It’s challenging to cultivate anything that resembles an oasis on an Arizona lawn. So it’s up to designers to create interiors that are a visual retreat from the arid landscape. Sasha Adler and Lauren Gold of Nate Berkus Design did just that in the Phoenix-area home of a young couple and their three children under the age of four.
“This couple has their own style and is mindful of a classic and beautiful aesthetic,” says Adler. “But the design needed to reflect their family situation, too, with comfortable furniture for their young children.”
The interiors make reference to the Arizona terrain with rugged textures that include burlap, sea grass, saddle leather, and reclaimed and raw oak. Chipped finishes on antiques add to the authenticity of the home’s unpolished desert location. The varying materials mingle to create a style that is sophisticated in its imperfections. “We like to incorporate a good mix of objects and finishes that aren’t so perfect,” explains Adler.
“The furnishings needed to be comfortable and family friendly,” says Adler. “The children pile onto the daybed to watch movies.”
“If an interior is too polished, it can look prissy and precious," she adds. "A space that is a little messy gives a look that is collected and layered.”
A black-and-white kilim rug anchors a facing sea grass daybed and tufted Chesterfield sofa, and a pair of club chairs covered in a toffee-colored velvet.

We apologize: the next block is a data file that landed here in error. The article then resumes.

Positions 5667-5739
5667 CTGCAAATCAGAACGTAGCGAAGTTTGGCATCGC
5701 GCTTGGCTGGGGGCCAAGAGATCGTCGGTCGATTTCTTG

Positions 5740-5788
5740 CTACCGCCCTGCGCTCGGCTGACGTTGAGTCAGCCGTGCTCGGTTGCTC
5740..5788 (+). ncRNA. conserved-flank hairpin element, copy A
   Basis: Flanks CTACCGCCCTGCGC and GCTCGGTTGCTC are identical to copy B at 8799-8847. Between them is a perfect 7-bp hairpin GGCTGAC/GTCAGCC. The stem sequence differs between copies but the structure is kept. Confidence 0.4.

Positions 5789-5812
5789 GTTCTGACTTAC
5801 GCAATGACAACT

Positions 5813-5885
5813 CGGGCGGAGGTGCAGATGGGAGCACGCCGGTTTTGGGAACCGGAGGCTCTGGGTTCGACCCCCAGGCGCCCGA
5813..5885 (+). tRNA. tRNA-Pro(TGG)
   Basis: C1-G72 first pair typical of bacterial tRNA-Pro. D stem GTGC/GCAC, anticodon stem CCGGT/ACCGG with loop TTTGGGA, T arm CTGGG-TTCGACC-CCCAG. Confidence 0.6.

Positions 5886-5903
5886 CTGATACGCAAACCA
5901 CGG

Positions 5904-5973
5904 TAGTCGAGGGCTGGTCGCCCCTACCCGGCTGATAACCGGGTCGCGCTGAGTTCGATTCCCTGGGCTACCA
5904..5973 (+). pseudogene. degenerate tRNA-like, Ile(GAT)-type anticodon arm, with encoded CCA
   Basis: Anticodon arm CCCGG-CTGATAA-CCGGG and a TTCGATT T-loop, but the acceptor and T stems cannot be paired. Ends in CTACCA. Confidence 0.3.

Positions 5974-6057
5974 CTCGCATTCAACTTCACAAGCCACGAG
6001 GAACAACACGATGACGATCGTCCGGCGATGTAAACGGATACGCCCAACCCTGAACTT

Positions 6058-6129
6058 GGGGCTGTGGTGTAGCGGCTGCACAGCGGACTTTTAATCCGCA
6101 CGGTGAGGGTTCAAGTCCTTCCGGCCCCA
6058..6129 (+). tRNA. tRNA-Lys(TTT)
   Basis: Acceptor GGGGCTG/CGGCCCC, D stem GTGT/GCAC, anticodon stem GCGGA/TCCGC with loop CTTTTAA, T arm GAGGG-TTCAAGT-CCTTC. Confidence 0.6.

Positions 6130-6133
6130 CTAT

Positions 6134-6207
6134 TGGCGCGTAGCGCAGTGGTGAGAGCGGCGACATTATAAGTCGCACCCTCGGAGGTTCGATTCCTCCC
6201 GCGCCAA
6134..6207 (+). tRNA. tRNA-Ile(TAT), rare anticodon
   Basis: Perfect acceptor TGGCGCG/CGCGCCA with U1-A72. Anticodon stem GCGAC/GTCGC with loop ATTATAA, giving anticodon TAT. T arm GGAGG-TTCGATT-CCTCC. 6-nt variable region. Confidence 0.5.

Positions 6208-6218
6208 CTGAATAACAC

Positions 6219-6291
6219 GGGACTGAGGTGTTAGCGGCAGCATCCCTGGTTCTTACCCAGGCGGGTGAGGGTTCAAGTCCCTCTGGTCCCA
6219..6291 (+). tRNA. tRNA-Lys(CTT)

Iron garden benches with green leather seats are tucked under a round raw-oak center table.
The kitchen adopts a clean, white aesthetic. Around the painted black island, bistro-style chairs meant for outdoors are well suited for young children and are easy to clean. Gray subway tiles on the backsplash and metal pendant lights break up the white walls and cabinetry.
Even with furniture and accessories in each room that feature worn patinas, the spaces clean up to deliver a formal presentation, with symmetry guiding furniture placement. For instance, the dining table sits in the exact center of the room, with matching china cabinets on one end and a console table with matching lamps on the other.
Grass cloth blankets the walls of the dining room and enhances the other textured pieces throughout the space, such as a capiz shell lighting fixture that descends over the raw-oak dining table. Tufted dining chairs covered in linen soften the rough surfaces.
In the master bedroom, bedside tables that are painted black and gold pair with bookshelves on either side of an upholstered bed positioned in front of a folding screen.
“The interiors of this home are timeless,” says Gold. “Traditional elements throughout, such as tufted upholstered pieces, mix with objects that have some warmth and history, making it feel more suitable for a family and less like a showroom.”
What traditional means to designers Lauren Gold and Sasha Adler: Traditional style means developing a sense for pieces that you will not tire of—things that can withstand the test of time. Pieces should be worn, patinated, revered, and full of history.
Photography: Patrick Cline
Art Direction: Michelle Adams